|| ||"Raymond Hettinger" <python-AT-rcn.com>|
|| ||"=?iso-8859-1?Q?=22Martin_v._L=F6wis=22?=" <martin-AT-v.loewis.de>,
"Benjamin Peterson" <benjamin-AT-python.org>|
|| ||Re: Python 3.0.1|
|| ||Tue, 27 Jan 2009 13:19:21 -0800|
|| ||Article, Thread
From: ""Martin v. Löwis"" <firstname.lastname@example.org>
> Releasing 3.1 6 months after 3.0 sounds reasonable; I don't think
> it should be released earlier (else 3.0 looks fairly ridiculous).
I think it should be released earlier and completely supplant 3.0
before more third-party developers spend time migrating code.
We needed 3.0 to get released so we could get the feedback
necessary to shake it out. Now, it is time for it to fade into history
and take advantage of the lessons learned.
The principles for the 2.x series don't really apply here. In 2.x, there
was always a useful, stable, clean release already fielded and there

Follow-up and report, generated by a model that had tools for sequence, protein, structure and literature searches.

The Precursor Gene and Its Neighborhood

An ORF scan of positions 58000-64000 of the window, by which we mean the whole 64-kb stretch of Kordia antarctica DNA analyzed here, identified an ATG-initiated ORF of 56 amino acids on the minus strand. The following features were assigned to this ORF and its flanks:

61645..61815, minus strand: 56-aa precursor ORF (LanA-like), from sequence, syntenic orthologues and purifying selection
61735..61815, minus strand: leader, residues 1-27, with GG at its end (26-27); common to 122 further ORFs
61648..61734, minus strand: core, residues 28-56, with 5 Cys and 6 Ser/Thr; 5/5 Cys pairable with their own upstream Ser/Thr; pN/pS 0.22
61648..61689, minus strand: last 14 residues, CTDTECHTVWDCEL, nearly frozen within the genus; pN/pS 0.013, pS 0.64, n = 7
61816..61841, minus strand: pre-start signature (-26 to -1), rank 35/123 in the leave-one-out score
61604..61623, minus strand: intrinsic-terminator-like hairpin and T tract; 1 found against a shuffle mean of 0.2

were tons of third-party apps that needed a slow rate of change.
In contrast, 3.0 has a near zero installed user base (at least in terms
of being used in production). It has very few migrated apps. It is
not particularly clean and some of the work for it was incomplete
when it was released.
My preference is to drop 3.0 entirely (no incompatable bugfix release)
and in early February release 3.1 as the real 3.x that migrators ought
to aim for and that won't have incompatable bugfix releases. Then at
PyCon, we can have a real bug day and fix-up any chips in the paint.
If 3.1 goes out right away, then it doesn't matter if 3.0 looks ridiculous.
All eyes go to the latest release. Better to get this done before more
people download 3.0 to kick the tires.
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